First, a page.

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Is Respecting Our Elders Outdated?

Updated: May 18, 2023



"We also respect and acknowledge the lived experience of our elders as valuable members of society with a wealth of knowledge and wisdom to contribute"


Most of you have heard me share the African proverb, "When an old person dies, a library dies with them".

I was raised in a culture with deep respect and reverence for the elders. In particular, women over 50 gain elevated status as wisdom holders of the community and I really love that. After my mother passes, I will hold the most exalted position in my family as the oldest woman. This is daunting but certainly a privilege.

In this issue Jody will explore the idea, Is respecting our elders outdated?

This question is mute in my culture as supporting, helping, deferring to, and serving our elders are the natural way of life in mine and many other cultures.

With my 86 year of mother in my recent visit to London


Is respecting our elders an outdated custom?

by Jody Webster

I was raised to believe three things that have stayed with me my entire life: respecting my elders, being polite to everyone, and always wearing clean underwear (in case I got hit by a bus). I raised my own three children the same way, believing that it was the right way to live.

Imagine my surprise when I became an ‘elder’ and realised that somewhere along the way, the rules had changed. To a large extent, older people are no longer valued in Australia as being useful members of society, and in some instances are even seen as burdens on the community.

It is reported that by 2050, approximately one-quarter of all Australians will be aged 65 and over, and will, by about 2025 overtake the number of children aged 0 to 14.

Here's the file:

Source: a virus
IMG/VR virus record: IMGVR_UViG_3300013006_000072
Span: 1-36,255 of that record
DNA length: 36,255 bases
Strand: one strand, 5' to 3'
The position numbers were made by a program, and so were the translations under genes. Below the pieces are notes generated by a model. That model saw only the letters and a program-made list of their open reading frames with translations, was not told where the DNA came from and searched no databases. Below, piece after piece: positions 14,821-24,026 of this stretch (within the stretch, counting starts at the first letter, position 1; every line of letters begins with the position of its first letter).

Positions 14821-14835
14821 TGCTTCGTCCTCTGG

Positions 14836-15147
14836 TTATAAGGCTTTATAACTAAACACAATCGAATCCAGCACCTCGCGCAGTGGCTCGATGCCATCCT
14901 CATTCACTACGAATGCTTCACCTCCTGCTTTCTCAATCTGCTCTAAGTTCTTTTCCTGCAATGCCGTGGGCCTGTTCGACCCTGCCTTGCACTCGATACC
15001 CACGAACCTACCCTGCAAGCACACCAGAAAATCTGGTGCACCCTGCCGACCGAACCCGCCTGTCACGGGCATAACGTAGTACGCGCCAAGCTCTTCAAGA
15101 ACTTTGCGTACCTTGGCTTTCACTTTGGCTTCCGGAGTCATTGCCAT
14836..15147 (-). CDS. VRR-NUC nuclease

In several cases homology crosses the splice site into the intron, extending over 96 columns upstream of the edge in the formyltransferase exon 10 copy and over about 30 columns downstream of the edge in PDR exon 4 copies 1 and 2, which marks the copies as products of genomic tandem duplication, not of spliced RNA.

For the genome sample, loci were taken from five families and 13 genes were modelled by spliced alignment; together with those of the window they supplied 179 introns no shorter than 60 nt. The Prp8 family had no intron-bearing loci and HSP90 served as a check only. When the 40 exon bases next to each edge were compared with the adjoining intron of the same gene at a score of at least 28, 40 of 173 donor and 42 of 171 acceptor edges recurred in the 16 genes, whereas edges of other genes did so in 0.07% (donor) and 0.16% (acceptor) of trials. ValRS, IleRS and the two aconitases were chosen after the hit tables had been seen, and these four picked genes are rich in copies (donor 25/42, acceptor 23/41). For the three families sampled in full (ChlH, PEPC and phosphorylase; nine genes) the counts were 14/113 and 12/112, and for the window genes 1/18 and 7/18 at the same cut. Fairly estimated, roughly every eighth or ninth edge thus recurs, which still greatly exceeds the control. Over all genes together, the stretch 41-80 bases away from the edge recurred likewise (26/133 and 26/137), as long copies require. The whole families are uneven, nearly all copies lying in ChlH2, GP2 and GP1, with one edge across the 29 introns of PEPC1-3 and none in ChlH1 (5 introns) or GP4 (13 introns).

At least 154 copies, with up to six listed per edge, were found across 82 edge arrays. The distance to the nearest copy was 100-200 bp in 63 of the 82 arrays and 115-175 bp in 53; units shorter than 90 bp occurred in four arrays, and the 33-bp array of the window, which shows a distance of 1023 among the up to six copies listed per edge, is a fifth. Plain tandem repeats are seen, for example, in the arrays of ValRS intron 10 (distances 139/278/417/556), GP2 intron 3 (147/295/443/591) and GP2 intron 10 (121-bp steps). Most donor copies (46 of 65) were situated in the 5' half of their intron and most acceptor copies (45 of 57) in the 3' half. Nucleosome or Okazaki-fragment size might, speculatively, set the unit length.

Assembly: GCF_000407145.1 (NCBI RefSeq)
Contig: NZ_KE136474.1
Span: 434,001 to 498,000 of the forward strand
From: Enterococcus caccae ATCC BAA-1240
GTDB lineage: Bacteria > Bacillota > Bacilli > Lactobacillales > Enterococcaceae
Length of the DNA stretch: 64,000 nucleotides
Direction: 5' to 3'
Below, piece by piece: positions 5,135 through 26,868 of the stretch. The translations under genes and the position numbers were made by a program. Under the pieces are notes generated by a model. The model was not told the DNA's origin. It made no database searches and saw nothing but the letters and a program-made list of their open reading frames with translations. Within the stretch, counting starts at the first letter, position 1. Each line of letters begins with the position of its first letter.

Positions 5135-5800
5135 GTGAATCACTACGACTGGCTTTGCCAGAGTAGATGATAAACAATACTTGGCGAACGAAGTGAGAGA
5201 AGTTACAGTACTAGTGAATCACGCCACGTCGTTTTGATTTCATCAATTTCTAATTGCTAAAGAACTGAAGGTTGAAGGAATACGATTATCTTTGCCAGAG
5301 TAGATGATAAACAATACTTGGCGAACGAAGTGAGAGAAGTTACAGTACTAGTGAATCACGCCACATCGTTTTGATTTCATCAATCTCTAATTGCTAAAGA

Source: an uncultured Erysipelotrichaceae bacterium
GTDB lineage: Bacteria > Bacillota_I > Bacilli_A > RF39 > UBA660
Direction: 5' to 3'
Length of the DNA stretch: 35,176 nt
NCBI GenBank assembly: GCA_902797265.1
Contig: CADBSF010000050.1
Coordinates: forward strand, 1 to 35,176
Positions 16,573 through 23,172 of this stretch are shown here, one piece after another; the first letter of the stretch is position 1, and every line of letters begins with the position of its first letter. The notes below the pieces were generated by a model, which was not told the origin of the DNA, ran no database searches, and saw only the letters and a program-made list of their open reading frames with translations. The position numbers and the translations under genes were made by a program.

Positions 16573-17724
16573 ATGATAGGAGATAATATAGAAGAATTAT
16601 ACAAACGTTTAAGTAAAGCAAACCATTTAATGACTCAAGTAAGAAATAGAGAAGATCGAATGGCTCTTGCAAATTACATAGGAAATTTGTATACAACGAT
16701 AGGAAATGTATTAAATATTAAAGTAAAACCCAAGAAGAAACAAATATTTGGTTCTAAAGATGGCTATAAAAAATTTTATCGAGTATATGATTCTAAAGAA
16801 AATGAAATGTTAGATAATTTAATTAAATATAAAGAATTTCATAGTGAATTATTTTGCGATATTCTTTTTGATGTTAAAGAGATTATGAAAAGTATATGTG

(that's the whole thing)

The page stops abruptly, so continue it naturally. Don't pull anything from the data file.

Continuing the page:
Sadly, around a third of Australians aged between 55 and 64 said that they have experienced discrimination because of their age, either being turned down for a job, being ignored, or worse, being treated rudely or having jokes made about their age.

Many cultures around the world show high respect for the elderly, valuing their age and respecting their stories, experiences and wisdom.

In Asian cultures, children are raised knowing that one day they will have the honour of swapping roles with their parents, becoming their carers. In China, there are actual laws regarding the treatment and visitation of parents. Imagine being told you had broken the law by not visiting your parents often enough! In Singapore, not supporting your parents financially, may result in jail time.

The African cultures celebrate their elders. Grandparents often live with their adult children and respect is a driving force for their treatment.

In our own First Nation’s culture, the Elders are of critical importance to the well-being of the community. They are responsible for governance, sharing stories, song and dance, teaching, leadership, and overseeing spiritual practice and ceremony.

In Western cultures however, it seems that only youth is valued. Staying younger, looking younger, is promoted everywhere.